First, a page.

domingo, 29 de mayo de 2011

Request for comments

I didn't mention it on my presentation of the project, but being this a project that tries to enhace the tools available to Haskell developers, and ease the work for coding in that language, I would really like to hear suggestions or critiques from Haskell developers who have used EclipseFP or any other environment to make a better work.

I think the best place to write the suggestions would be in the comment section of this entry. Thank you very much in advance :D

Week #1

In my last post I just introduced a bit the project I will be working on this summer. Of all the features I proposed, I decided to start with the Browser, because it seemed the most orthogonal to the rest of EclipseFP, and a good way to learn about Scion and Eclipse APIs.

I started with a parser for Hoogle files written in Parsec. The information was saved using several custom data types for each kind of element in the database, and serialized to disk using binary. Here I already faced some problems, mostly due to laziness in the parsing, which created a very large memory footprint, so I decided to move to cereal to make the parsing.

After that, my mentor Thomas suggested some improvements for the code. One of it was to use the haskell-src-exts (since now, HSE) package to save information about elements. That turned to be a great idea, because HSE has special datatypes for annotated syntax elements and comes with parsers for some parts of the syntax I could reuse. In that way I could rewrite the parsing of Hoogle files, getting a neater code.

I was still having some problems with memory consumption, so I've been learning about the text and bytestring packages for better string handling. I also changed from automatic derivation of Data.Serialize instances using derive to manual writing of it, in order to implement a lookup tables for common names. That cut the memory footprint a lot, because Haskell type signatures tend to reuse names (such as "a" or "b" for type variables) and a lot was gained by not creating a new instance of Type each time one appeared.

That's all for this week. Until now, I've been making the changes into a separate repository from Scion, but next week I plan to merge my work on it.


This is my first post about my Summer of Code working on EclipseFP, adding new features so that Haskell users can have a comfortable working environment inside Eclipse. I've been using EclipseFP for more than a year now (mainly for my University assignments), and I would really like it to have some of the advanced tools that Eclipse gives for Java or C. However, "adding features to EclipseFP" is a very vague statement. So in my proposal and after some mails with my mentor Thomas, I decided to work in 3 more concrete areas.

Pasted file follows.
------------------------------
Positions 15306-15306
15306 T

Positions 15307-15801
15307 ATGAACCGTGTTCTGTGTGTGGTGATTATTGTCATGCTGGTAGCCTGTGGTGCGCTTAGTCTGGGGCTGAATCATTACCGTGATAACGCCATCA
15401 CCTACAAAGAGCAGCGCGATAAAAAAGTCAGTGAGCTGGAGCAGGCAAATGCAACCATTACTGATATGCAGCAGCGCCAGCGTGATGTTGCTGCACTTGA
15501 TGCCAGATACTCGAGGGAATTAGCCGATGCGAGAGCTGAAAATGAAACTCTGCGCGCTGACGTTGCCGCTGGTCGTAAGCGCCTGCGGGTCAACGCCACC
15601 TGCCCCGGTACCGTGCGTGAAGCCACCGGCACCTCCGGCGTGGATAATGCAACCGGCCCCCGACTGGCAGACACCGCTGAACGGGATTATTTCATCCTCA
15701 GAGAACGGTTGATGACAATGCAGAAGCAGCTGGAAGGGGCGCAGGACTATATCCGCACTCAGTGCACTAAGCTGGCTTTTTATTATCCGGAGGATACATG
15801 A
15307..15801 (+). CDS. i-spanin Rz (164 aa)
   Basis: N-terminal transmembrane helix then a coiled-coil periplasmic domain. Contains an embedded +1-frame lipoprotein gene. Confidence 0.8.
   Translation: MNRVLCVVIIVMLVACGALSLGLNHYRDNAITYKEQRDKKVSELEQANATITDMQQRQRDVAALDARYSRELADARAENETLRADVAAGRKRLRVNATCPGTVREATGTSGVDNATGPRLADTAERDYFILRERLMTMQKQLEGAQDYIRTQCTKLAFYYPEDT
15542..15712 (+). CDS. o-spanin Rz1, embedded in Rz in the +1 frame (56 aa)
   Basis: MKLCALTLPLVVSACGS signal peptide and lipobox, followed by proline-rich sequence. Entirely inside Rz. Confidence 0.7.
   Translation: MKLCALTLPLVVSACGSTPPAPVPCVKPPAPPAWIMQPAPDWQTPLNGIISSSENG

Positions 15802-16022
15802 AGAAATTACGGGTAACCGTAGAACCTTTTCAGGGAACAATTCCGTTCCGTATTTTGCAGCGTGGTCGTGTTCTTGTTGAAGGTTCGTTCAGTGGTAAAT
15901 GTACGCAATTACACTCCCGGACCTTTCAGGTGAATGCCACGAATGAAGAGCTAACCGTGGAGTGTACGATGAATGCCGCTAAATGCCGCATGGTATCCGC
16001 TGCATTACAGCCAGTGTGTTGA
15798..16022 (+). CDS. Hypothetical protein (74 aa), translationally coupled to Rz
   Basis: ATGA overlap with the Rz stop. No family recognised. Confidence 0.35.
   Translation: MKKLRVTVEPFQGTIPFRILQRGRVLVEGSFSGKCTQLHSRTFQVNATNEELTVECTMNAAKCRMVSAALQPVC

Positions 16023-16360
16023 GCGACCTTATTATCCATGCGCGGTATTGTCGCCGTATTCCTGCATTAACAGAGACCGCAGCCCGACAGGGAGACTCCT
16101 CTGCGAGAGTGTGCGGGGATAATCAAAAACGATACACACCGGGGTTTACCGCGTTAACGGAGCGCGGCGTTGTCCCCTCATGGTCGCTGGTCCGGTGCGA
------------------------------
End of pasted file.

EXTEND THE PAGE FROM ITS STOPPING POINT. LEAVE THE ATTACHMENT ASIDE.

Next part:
The first one, and the one I'm currently working on, is to create a Browser similar to the Java one. At least for me, that would mean an increase in productivity, because most of my Haskell programming time is spent changing from the editor to a web browser with Hackage open. With this view, I could browse the list of functions and types in a package or module from inside the environment.

When I was looking for ways to approach this, I found Hoogle. And more importantly, Hoogle maintains a complete index of the documentation of the latest version of every package in Hackage. So I'm going to use that information to provide developers a way to browse, inside the environment, the entire world of Haskell. That also means that when providing some interface for adding dependencies to Cabal projects (see below), we can also show the list of available Hackage packages.

The second feature to implement is some way to run unit tests, and show the statistics about passing and failure, much alike to JUnit tests in Java. The interface is going to be indeed very close to JUnit's integration in Eclipse, but I still have some open problems on getting the list of tests to run. The best option now seems to use Cabal's Test Suite support, although I was not able to find the "connectors" for QuickCheck and HUnit in Hackage.

The third feature I have in mind is to enhace the visual editor for Cabal files. Currently, it allows to change author, name and some other package metadata, but does not handle dependencies, build options or targets. My idea is to create something similar to the Cabal editor of Leksah, but as I said before, enhaced with metainformation I could get from Hackage.

Apart from this, there are lots of places to work. For example, having a database of function names allows to create "automatic imports" as the Java editor does, or provide better autocompletion. Refactoring support would be a great addition to the IDE. But all of this is just to much for a single summer...